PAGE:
Those celebrations were a bit tough to watch, but four years on the incident is somewhat glossed over when we talk about Suarez’s controversies. Looking back, though, it did give us an example of the will to win that exists within Suarez that isn’t matched by anyone else in world football.
The forward wears matches. You could not know the score of any game he’s playing in and then find it out just by looking at his expression, which will be pained and contorted if things aren’t going his team’s way.
Get in the way of Suarez winning a football match and prepare to feel his wrath. It is an approach that might start with an exaggerated fall to win a free-kick in the centre of the pitch but will then evolve into a blatant dive, an attempt to con, a bite, or even worse…
Ah yes, even worse.
After the Bakkal bite and his move to England, Suarez had taken to Liverpool life and Liverpool life had taken to him. He’d cast his spell over the Reds supporters already; here was the man that all hopes of a return to the elite would be pinned on, here was the man who was going to be backed to the hilt. Then Manchester United visited in October 2011, and all of that became even starker.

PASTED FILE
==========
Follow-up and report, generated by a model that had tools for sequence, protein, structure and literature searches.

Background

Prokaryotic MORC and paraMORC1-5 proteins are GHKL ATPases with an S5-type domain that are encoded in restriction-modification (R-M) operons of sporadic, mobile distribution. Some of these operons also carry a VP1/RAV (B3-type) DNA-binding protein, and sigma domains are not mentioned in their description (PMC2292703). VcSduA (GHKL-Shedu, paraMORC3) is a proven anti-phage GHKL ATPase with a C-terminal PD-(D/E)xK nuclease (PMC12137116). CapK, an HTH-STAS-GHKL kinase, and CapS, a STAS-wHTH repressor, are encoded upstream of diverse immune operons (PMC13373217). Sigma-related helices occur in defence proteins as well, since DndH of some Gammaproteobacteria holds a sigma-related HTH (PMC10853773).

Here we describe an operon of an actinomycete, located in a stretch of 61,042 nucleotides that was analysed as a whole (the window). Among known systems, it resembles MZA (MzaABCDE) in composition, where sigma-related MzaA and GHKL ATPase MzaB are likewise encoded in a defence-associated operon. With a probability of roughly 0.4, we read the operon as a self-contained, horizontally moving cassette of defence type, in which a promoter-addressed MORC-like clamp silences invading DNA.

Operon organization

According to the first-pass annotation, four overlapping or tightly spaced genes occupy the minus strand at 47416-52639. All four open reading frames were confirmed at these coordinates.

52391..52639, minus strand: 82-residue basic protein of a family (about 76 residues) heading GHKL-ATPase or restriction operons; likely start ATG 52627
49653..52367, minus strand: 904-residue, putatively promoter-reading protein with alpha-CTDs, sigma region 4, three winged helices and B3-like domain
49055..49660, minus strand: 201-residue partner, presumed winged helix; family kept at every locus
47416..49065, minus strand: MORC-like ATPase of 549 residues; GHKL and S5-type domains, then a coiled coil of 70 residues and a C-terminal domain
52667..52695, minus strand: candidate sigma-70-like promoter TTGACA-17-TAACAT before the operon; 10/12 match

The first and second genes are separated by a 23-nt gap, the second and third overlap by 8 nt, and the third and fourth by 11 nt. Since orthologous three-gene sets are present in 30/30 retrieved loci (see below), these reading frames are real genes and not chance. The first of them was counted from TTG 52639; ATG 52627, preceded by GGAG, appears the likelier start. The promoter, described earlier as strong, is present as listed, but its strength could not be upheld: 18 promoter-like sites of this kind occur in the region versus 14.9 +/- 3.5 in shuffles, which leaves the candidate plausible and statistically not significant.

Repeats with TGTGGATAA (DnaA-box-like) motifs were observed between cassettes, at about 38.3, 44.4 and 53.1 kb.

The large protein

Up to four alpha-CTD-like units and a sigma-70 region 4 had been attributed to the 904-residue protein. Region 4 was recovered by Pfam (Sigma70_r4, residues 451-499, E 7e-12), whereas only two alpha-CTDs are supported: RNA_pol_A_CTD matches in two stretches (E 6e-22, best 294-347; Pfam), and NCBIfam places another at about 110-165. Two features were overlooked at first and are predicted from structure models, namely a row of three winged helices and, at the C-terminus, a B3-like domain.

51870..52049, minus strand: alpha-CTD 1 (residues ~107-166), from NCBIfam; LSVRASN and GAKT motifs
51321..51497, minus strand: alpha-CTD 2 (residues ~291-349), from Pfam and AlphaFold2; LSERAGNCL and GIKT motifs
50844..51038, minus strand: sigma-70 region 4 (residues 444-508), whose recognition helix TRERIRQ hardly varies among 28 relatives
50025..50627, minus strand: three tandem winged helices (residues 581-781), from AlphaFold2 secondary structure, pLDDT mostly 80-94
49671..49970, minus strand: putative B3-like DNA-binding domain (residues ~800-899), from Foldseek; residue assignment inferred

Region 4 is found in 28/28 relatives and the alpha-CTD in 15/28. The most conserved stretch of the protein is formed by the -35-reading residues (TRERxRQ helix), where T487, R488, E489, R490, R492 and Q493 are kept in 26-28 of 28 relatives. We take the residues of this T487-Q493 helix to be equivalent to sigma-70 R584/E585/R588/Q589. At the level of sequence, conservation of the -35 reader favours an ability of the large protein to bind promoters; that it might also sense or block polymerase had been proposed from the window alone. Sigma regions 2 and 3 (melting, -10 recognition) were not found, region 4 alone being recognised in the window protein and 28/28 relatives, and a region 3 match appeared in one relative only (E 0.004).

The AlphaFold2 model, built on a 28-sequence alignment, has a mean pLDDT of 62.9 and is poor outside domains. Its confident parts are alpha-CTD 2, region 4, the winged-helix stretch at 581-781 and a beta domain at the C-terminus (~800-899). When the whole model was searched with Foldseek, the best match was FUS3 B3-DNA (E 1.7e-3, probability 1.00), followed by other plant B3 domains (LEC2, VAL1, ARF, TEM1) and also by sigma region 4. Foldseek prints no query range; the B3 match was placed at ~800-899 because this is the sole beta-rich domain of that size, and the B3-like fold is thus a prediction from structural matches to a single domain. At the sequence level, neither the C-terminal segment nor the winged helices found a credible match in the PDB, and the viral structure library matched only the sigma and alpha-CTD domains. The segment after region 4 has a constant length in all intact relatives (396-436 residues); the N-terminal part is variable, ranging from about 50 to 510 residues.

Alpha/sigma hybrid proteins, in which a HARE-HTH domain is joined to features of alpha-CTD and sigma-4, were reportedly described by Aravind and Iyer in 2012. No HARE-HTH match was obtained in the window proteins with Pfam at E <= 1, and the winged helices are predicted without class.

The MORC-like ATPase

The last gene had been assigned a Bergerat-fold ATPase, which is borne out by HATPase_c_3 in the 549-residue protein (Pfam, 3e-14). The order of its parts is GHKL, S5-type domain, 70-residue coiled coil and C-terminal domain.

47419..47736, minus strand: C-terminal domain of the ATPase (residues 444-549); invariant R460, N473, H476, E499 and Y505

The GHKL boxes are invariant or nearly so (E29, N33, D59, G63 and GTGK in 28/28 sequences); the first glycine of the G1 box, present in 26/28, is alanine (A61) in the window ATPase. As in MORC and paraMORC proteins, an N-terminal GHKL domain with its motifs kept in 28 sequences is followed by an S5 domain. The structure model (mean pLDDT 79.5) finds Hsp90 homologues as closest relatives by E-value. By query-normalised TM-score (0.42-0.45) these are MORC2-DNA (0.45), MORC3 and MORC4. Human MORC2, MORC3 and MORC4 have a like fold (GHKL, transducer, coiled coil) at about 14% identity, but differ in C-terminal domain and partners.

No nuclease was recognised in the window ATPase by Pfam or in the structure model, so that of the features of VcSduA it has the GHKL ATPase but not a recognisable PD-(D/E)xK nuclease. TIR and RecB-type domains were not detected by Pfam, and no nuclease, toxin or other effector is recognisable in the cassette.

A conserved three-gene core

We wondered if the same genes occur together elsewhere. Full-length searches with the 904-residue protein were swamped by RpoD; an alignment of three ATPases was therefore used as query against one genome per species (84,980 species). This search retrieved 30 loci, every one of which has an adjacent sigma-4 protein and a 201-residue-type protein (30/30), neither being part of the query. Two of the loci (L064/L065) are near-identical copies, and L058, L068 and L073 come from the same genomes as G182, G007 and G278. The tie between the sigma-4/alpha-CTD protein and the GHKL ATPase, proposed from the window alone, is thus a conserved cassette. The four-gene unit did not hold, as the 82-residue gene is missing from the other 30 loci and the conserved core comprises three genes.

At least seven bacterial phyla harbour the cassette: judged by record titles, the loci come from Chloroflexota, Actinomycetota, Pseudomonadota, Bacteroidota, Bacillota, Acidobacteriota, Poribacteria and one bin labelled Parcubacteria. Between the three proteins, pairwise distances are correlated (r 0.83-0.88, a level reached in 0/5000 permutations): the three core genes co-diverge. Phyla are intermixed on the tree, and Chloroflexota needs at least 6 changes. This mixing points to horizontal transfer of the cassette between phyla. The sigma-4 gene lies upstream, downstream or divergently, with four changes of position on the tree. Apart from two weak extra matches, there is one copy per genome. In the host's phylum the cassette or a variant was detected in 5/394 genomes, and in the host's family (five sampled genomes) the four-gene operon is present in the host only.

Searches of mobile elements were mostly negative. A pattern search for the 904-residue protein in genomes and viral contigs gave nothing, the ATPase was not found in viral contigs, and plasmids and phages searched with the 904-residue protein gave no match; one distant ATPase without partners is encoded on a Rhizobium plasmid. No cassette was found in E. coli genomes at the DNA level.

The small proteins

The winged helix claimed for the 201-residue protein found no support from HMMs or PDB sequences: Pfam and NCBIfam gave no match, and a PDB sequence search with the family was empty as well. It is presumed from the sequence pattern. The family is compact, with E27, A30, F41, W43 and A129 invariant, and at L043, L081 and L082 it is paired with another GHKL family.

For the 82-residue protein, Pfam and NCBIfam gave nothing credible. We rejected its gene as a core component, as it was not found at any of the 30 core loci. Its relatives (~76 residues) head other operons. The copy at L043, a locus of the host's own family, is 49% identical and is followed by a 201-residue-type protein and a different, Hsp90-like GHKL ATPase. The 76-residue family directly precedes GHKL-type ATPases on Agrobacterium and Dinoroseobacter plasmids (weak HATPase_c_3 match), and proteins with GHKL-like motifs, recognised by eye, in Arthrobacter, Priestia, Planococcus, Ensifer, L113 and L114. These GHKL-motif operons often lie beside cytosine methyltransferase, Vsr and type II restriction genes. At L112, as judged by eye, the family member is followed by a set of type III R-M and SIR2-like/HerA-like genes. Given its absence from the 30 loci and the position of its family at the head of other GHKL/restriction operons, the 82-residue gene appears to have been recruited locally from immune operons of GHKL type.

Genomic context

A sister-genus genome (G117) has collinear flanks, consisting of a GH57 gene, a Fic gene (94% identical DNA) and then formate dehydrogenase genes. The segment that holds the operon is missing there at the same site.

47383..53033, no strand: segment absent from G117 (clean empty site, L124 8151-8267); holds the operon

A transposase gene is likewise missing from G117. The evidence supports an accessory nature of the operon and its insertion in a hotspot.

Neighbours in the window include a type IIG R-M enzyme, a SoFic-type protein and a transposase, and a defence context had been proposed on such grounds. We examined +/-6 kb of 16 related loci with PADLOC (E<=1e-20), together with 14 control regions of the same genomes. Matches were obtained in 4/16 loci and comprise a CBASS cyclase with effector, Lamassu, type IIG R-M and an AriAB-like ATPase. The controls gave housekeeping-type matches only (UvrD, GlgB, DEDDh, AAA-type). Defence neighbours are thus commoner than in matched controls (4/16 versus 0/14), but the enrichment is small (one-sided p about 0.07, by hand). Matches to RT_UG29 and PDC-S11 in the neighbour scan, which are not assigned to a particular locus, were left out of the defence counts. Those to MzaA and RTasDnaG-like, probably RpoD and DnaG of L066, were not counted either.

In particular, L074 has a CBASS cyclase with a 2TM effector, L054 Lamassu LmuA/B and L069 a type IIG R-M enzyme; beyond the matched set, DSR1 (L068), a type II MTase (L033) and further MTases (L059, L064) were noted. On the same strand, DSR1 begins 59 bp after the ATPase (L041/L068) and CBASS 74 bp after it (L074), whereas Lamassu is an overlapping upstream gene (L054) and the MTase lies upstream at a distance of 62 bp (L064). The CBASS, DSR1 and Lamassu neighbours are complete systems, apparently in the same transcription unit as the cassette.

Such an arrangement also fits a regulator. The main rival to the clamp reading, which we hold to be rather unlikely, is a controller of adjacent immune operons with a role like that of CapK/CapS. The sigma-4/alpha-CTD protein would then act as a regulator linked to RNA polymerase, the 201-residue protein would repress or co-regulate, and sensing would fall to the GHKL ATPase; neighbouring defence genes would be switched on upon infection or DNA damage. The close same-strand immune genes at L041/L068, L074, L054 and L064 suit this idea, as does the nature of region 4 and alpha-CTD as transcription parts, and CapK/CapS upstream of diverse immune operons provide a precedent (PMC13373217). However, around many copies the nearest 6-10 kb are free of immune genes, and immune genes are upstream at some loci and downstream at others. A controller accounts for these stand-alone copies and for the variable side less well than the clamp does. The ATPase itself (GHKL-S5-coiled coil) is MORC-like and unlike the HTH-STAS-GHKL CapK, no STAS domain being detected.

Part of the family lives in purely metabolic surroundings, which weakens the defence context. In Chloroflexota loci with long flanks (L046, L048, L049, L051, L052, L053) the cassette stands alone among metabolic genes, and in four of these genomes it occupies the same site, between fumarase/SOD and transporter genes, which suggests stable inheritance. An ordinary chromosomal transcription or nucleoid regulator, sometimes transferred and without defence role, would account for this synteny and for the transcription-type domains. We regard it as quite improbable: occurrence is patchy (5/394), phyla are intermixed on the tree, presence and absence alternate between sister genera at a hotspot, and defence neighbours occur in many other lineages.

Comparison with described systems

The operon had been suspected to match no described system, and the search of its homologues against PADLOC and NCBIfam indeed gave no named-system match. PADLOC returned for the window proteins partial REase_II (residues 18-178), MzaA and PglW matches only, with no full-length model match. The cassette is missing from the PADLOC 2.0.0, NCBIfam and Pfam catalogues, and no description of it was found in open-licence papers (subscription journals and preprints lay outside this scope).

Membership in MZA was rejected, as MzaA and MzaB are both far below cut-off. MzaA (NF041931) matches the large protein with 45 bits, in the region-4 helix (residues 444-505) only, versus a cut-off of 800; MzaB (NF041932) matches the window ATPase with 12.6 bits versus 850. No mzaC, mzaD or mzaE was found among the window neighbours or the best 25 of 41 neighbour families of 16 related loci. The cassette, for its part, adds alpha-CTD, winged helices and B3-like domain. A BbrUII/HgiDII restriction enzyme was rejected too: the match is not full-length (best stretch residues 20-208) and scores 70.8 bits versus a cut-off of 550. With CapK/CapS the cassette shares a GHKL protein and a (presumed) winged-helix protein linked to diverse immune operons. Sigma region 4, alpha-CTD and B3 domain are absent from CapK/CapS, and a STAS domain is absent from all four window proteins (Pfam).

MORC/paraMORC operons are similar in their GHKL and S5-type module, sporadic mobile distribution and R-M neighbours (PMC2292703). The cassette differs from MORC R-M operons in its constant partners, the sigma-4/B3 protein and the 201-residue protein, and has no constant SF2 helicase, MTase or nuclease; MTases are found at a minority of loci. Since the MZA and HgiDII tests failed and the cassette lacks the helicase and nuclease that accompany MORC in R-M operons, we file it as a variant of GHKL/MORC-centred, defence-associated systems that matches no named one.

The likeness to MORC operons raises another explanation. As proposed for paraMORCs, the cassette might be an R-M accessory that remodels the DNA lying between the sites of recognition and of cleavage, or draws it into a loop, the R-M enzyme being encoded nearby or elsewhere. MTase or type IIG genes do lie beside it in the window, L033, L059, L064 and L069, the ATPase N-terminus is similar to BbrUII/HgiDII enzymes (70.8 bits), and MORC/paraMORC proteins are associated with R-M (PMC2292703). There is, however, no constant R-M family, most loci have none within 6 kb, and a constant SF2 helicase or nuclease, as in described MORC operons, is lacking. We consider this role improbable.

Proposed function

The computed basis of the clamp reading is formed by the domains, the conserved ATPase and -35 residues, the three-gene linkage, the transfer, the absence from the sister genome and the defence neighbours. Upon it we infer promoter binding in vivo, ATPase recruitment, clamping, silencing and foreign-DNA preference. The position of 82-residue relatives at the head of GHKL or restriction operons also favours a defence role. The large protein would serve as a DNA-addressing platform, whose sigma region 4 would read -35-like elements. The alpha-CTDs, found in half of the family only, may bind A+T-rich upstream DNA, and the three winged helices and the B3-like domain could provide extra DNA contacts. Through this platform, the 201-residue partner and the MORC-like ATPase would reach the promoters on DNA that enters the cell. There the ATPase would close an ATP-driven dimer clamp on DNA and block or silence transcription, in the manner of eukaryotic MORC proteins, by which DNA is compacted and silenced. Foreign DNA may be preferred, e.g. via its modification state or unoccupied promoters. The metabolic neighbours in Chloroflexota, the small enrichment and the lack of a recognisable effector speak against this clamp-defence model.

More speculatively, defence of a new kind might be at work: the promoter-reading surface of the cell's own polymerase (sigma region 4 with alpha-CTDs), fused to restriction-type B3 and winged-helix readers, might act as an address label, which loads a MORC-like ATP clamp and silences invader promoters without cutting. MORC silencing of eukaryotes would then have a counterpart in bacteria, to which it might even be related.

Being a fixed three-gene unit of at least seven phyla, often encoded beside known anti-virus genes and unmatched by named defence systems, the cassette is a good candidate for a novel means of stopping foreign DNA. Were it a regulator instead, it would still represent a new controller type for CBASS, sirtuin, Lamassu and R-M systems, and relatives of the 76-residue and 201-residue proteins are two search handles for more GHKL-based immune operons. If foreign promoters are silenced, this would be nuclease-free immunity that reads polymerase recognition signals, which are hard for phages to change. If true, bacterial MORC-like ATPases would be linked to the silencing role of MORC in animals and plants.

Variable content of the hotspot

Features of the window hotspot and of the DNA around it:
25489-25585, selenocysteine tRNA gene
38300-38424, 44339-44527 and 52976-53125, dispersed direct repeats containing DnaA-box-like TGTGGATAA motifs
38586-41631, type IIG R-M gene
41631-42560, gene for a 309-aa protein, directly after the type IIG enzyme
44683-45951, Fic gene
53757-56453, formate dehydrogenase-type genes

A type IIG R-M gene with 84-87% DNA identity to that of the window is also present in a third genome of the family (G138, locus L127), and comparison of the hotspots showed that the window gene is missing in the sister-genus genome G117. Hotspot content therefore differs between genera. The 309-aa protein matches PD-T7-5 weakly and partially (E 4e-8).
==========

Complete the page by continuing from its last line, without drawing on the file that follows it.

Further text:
The Patrice Evra racism case has been discussed in much detail before, and this isn’t aimed at adding to that. The whys and wherefores of it are now ingrained in so many minds that anything written here won't change one's stance.
What it did to Liverpool as a club was pose a question that is the key to our discussion here, though. How important is winning, and how do you want to win? At all costs? At the cost of seeing your key forward labelled with one of society’s ugliest ills?
Timing wasn’t on Suarez’s mind when he opened his mouth in front of Evra and the Kop end, but he literally could barely have done it at a worse time for his football club. The Reds were still attempting to put the right people in the right places in the hierarchy following the takeover from Fenway Sports Group a year earlier. Nobody had a clue how to deal with this.
It became a football decision rather than a club, or public relations, one. Manager Kenny Dalglish was now in the firing line and has sadly seen his marvellous reputation somewhat scarred by it.
Suarez deserved a defence—everyone does, and it must be remembered that he was only found guilty on the balance of probabilities—but the manner of that defence made Liverpool look foolish. You all remember the T-shirts.
Here they were desperate to back their best player, but the argument that they’d have acted differently had this been a youth player or a less important squad member is a very real one. How much did they want to win? The club now shared Suarez’s attitude. A lot of the fans did, too. For some, their reputation has been tarnished forever.
But they wanted to win, and to do that they needed Suarez and an environment that would get the best out of him.